I did enjoy the show. However i hope they keep it real and not try to overdo or "act" beyond their real personalities. I have many relatives that are fisherman and i have never heard one of them call themselves hard as#%s or talk about how tough it is and so on. They are very humble people as i am sure these men are as well. Keep it real and good luck with the show. Safe sailing.

  • Townie
    February 26, 2014 - 12:31

    I loved it! It was just as good for tourism as the Government commercials! Great job boys!

  • Scott M
    February 26, 2014 - 10:52

    First off i loved the show , Very educational for me and my wife that come to NFLD on holidays and see the boats in the harbor and have no idea how they operate (Now I Do) Like the stabilizers I thought when i seen them they were for nets , Now I know better. We don't see those things cruising around our prairie lakes. As far as the accent subtitles leave them on for anyone who has never heard it before it is hard to interpret , especially when they get excited or forget the cameras are there , Be proud of your accent's. This is one Sod Kicker from the prairies that is very proud to have NFLD as one of our province's . I Just hope they keep the show real without writing story lines . 120 days till we come back for holidays and can't wait!!

    • Kevin Power
      February 26, 2014 - 17:26

      Very well said.

  • Anne Hoskins
    February 26, 2014 - 10:13

    I was so proud of the fishermen in the show. As for the Newfoundland accent I was also very proud of that too. That accent is over 500 years old. One time people were ashamed of it and tried to get rid of it. Now people are trying to hold on to their heritage. I believe all ethnic groups should do likewise. Way to go Newfoundland!

  • Zelda Pinstripe
    February 26, 2014 - 09:53

    The subtitles may be a little insulting to people here, in Newfoundland, but this show is intended for more than us, rather the whole country in general. Speaking as a come-from-away, it takes time to understand the dialects. Someone who has never been east won't understand a lot of the words without subtitles. Decent show, though. If anything, maybe Canadians will learn that we do what we can with less, like smaller boats, unlike the American shows.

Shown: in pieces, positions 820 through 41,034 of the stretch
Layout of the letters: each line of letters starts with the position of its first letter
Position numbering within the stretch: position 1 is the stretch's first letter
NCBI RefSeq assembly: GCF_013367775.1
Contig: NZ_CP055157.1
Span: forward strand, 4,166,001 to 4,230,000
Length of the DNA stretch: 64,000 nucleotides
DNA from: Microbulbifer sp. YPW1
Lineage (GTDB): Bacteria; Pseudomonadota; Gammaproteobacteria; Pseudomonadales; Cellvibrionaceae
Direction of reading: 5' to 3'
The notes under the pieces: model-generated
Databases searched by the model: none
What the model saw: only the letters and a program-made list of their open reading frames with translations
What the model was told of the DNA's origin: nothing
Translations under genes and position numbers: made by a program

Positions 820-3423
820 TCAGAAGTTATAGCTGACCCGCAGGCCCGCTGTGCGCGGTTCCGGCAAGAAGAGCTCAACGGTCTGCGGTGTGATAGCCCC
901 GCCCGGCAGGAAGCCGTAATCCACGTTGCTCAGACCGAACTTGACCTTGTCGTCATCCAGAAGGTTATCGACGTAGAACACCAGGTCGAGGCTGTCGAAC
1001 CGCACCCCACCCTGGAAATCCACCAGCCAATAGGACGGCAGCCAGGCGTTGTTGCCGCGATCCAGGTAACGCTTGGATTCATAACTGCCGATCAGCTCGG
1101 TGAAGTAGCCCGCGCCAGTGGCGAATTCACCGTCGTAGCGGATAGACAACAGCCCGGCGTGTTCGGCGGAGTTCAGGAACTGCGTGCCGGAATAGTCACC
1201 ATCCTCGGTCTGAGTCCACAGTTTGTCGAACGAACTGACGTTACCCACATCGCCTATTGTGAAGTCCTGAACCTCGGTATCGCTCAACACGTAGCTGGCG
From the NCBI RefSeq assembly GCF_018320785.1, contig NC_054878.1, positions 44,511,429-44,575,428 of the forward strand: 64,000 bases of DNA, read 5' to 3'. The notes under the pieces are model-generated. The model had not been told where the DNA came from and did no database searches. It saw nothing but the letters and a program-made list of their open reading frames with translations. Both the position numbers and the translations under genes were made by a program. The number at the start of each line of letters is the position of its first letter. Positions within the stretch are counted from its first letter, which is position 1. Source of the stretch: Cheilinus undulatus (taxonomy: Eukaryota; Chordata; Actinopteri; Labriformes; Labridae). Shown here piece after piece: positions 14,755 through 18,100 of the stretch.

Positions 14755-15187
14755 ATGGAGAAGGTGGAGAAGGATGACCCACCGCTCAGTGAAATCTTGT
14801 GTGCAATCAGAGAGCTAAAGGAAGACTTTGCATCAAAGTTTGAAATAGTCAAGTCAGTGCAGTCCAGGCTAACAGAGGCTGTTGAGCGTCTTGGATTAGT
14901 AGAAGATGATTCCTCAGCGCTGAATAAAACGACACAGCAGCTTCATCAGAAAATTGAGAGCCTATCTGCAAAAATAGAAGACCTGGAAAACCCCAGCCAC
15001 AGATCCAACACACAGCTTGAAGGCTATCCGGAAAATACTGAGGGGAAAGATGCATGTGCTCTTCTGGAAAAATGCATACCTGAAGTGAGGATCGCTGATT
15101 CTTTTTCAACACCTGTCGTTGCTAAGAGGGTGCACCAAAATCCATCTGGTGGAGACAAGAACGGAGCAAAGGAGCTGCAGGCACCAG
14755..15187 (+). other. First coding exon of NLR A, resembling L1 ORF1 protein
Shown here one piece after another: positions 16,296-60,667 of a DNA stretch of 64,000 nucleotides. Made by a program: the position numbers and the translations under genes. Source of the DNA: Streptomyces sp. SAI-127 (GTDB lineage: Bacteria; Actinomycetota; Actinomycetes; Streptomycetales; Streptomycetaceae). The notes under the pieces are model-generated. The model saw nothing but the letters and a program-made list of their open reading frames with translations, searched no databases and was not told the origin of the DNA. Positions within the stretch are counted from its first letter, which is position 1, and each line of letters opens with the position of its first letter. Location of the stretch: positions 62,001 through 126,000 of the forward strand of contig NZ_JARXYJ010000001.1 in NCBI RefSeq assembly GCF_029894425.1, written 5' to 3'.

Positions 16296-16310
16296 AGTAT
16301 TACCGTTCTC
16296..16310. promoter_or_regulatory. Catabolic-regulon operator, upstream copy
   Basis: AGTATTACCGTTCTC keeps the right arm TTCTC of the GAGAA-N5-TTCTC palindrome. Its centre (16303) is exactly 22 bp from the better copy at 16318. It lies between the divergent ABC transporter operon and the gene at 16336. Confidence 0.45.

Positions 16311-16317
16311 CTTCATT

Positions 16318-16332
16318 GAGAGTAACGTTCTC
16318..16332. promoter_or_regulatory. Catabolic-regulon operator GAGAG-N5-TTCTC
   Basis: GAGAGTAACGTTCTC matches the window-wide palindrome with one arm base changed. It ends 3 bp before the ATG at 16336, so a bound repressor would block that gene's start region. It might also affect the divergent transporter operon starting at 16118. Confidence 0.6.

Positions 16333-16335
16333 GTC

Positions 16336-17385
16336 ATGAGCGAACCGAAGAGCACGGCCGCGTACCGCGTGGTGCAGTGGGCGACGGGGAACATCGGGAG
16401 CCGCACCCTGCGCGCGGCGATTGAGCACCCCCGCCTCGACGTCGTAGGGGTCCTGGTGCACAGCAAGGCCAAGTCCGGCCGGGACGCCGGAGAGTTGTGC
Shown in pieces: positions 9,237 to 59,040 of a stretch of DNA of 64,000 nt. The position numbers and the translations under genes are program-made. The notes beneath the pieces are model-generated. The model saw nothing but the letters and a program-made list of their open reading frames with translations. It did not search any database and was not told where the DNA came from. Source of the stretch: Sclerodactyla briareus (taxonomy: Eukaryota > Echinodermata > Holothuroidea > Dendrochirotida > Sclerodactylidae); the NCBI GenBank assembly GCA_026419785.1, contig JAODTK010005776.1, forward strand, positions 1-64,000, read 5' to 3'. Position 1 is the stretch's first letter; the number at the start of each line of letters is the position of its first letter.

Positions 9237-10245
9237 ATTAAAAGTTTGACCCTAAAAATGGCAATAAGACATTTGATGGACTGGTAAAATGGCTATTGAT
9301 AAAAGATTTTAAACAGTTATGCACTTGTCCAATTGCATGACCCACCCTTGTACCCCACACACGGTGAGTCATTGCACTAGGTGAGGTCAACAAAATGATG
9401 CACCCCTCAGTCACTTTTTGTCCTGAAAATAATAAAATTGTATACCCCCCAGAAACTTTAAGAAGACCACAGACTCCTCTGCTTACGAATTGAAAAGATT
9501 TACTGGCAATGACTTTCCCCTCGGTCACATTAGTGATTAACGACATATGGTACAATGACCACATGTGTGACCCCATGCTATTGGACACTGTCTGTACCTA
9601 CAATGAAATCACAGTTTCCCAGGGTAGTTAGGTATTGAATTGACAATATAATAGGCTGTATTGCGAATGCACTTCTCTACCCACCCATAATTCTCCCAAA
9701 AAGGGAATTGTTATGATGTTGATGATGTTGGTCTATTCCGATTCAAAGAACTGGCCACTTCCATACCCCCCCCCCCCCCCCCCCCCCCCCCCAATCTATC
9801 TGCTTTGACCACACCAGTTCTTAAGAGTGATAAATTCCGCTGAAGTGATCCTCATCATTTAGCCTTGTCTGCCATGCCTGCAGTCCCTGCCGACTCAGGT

• mainlander
    February 26, 2014 - 08:52

    I thought it was good - but subtitles? Really?! We do speak English in Newfoundland...don't think subtitles are necessary!

    • Roddy
      February 26, 2014 - 15:58

      Besides too much narration, the show is great. Maybe if you grew up in Twillingate you wouldn't have a problem understanding every word the fishermen say, but Discovery Channel doesn't just air in Newfoundland, b'y. It airs all over North America and some dude in North Dakota is not going to understand a word of it without those subtitles. It's no more of an insult to subtitle these boys than it is to explain what a "growler" is -- believe it or not, other people who are not from the Rock, call them icebergs. It's a fast, poetic, charming dialect, but it is not the same language that Peter Mansbridge speaks on the nightly news on the mainland. But great fun to watch and pretty much as real" as TV gets these days. Blows Duck Dynasty right out of the water, if you ask me, because Duck Dynasty is just scripted nonsense, totally staged and absurd. Good work! But I do wonder what the boys really think about being "Cowboys..." : )

    • Michael
      March 19, 2014 - 11:43

      "Outport hicks?" Seriously? They came across as hardworking and dignified.

  • R Tarrant
    February 26, 2014 - 07:19

    I watched the show last night and I must say I really enjoyed it,I hope they can keep it going and we can see the beauty of province and what the fishing people have do for a living.Great show maybe it will do as good as ROD